This is how I slice the pears for dehydrating. Long ago I used to slice them neatly, but I like the rustic appeal of leaving the core in. The little bits on the very edge, what I call the cheeks, are the only part I throw into the chook bucket, because they don't dry evenly in the dehydrator. Sprinkle with lemon juice to prevent browning.

The Farm-gate stall has been going gang busters lately with all of the fresh fruit on offer at a reasonable price. We have a local site on Facebook where we can advertise anything we have to sell, or things we are looking to buy etc. It's incredible, and business is booming after advertising small lots of fruit. The honesty system seems to be working well and I'm ever thankful for the wonderful community spirit we experience here.

We have a hen who is eating eggs. I was suspicious after getting fourteen eggs one day and then two eggs the next day. Of course the big black crow that was caught by Brian in the hen house last week was eating more than his fair share too.
I'm now checking and collecting the eggs during the mornings at hourly intervals, to prevent the egg eating hen from over indulging. I've spotted her with egg on her beak, but she looks so much like three of the other hens, I can never tell which one she is when I get a chance to catch her. Her days are numbered though.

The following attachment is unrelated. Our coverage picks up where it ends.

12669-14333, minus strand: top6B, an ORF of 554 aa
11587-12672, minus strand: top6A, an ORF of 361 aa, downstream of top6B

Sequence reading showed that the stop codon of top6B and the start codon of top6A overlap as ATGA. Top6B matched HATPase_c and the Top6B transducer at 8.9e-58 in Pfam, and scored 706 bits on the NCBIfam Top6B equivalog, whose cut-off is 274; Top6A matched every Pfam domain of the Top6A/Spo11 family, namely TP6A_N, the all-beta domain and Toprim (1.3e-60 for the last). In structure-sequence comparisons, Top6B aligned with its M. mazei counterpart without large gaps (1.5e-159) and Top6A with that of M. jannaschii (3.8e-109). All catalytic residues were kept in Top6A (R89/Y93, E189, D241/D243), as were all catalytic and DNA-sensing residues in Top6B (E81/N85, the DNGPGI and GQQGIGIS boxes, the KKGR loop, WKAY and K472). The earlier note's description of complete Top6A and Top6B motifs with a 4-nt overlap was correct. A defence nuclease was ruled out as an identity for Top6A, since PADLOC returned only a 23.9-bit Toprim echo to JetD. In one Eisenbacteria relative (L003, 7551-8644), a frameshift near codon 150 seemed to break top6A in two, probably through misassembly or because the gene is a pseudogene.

A small detour on the way back from the hens filled my bowl nicely.

A sneak peek into the glass house. Lettuce, capsicum, silver beet, beetroot, and along one side are pineapples that Brian planted from the tops that were rescued from the scrap bucket collected from a local restaurant for the pigs.  After more than a year taking up space they are yet to fruit, but he's determined to grow pineapple.
Basil and parsley grow in the planter on the shelf at the back.

 Basil Pesto for the freezer.

Brian cleaned the solar panels last weekend after I suggested we get someone in to clean them for us. "No way" he said, "Just because I got a new hip, I can still climb onto the roof."
There's no point arguing, just white knuckles for me until the job is finished and he's down on the ground again.

Brunch on the run. Homemade everything! Yes, I like butter.

 I took Saturday afternoon off and dragged out the sewing machine.
Last week I was in a local store buying things for work, when I spotted some colorful cushions that I loved the look of. The price tag was $75 each!

Fabrics in my stash, from many previous incarnations have been given a new life. I enjoyed the process so much......

I made another one on Sunday night.

A very early morning walk with the dogs to open up another paddock for the cows. They smelled a fox but it was long gone.

We drove the pigs to the local abattoir on Monday evening. I'll collect the carcasses tomorrow and hang them in our cool room for a few more days before cutting into chops and roasts, and making bacon. We put ear tags in their ears to be sure we get our own pigs back.